...I received a call from Senator Domenici at my home. The senator wanted to know whether I was going to file corruption charges — the cases Ms. Wilson had been asking about — before November. When I told him that I didn’t think so, he said, “I am very sorry to hear that,” and the line went dead...

...A few weeks after those phone calls, my name was added to a list of United States attorneys who would be asked to resign — even though I had excellent office evaluations, the biggest political corruption prosecutions in New Mexico history, a record number of overall prosecutions and a 95 percent conviction rate...

...Party officials in my state have said that I should have begun a prosecution. What the critics, who don’t have any experience as prosecutors, have asserted is reprehensible — namely that I should have proceeded without having proof beyond a reasonable doubt...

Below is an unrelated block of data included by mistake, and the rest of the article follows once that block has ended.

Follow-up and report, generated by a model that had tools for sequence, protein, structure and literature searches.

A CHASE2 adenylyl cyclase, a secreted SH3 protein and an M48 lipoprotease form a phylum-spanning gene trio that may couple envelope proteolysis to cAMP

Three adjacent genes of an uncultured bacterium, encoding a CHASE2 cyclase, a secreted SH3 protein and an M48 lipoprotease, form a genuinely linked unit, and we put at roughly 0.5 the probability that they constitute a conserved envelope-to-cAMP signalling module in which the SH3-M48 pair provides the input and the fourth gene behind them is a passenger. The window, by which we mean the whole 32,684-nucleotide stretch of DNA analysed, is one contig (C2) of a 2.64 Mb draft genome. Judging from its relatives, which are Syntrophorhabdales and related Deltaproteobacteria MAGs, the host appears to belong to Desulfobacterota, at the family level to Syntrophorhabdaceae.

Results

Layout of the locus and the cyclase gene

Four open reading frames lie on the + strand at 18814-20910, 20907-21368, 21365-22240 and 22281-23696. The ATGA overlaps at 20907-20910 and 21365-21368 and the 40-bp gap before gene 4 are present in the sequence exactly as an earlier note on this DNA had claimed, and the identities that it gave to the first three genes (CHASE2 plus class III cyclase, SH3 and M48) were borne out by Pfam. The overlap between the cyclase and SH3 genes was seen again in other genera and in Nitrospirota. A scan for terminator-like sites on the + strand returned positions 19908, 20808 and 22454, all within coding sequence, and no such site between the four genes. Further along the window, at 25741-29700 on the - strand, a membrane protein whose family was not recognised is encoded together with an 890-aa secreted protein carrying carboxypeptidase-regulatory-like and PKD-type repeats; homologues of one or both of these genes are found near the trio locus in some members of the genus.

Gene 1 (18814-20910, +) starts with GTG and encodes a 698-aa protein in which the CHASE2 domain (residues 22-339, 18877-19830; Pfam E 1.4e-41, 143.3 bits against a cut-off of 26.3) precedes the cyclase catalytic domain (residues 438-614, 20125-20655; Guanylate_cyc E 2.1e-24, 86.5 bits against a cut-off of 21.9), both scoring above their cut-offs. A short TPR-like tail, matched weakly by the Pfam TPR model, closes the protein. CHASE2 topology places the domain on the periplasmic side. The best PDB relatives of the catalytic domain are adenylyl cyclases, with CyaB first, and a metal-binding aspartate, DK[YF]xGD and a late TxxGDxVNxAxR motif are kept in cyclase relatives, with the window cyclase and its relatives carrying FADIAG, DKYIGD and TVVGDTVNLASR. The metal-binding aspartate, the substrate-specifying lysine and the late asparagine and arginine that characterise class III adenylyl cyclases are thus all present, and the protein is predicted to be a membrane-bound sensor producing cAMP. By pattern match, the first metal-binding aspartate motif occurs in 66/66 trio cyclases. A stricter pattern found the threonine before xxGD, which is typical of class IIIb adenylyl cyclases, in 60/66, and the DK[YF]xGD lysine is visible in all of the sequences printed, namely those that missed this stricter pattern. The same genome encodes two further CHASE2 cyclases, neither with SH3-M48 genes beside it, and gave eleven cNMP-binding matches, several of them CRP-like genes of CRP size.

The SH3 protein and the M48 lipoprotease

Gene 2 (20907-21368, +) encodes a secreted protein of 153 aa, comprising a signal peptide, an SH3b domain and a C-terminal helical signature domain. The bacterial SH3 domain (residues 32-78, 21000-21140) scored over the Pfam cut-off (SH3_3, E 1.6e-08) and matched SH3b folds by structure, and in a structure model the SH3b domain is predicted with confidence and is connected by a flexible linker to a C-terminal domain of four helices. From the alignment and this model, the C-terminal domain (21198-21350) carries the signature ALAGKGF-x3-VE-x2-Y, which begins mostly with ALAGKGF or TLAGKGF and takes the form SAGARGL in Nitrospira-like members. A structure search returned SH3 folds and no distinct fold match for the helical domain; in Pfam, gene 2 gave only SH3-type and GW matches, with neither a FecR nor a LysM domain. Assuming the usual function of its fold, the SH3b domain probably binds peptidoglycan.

I'm amused to see that various Republican pundits are decrying the corruption shakedown by noting that past Democratic presidents have acted similarly. Folks, doing something wrong twice doesn't make it right. I hope Republicans hold President Obama's feet to the fire if he tries something like this in 2011, just as Democrats have an obligation to out this corruption in 2007.

Updated moldybluefeatures!

Update 5:00pm: I've also added a "label cloud" to the sidebar, so you can see what topics I post on most often and quickly read more of them. As if you'd want to...

I tweaked the sidebar on the blog today, adding a list of "shared items" which come from my Google Reader RSS list. The list of three basically represents the three most share-worthy stories I've read recently and may include things I actually write about.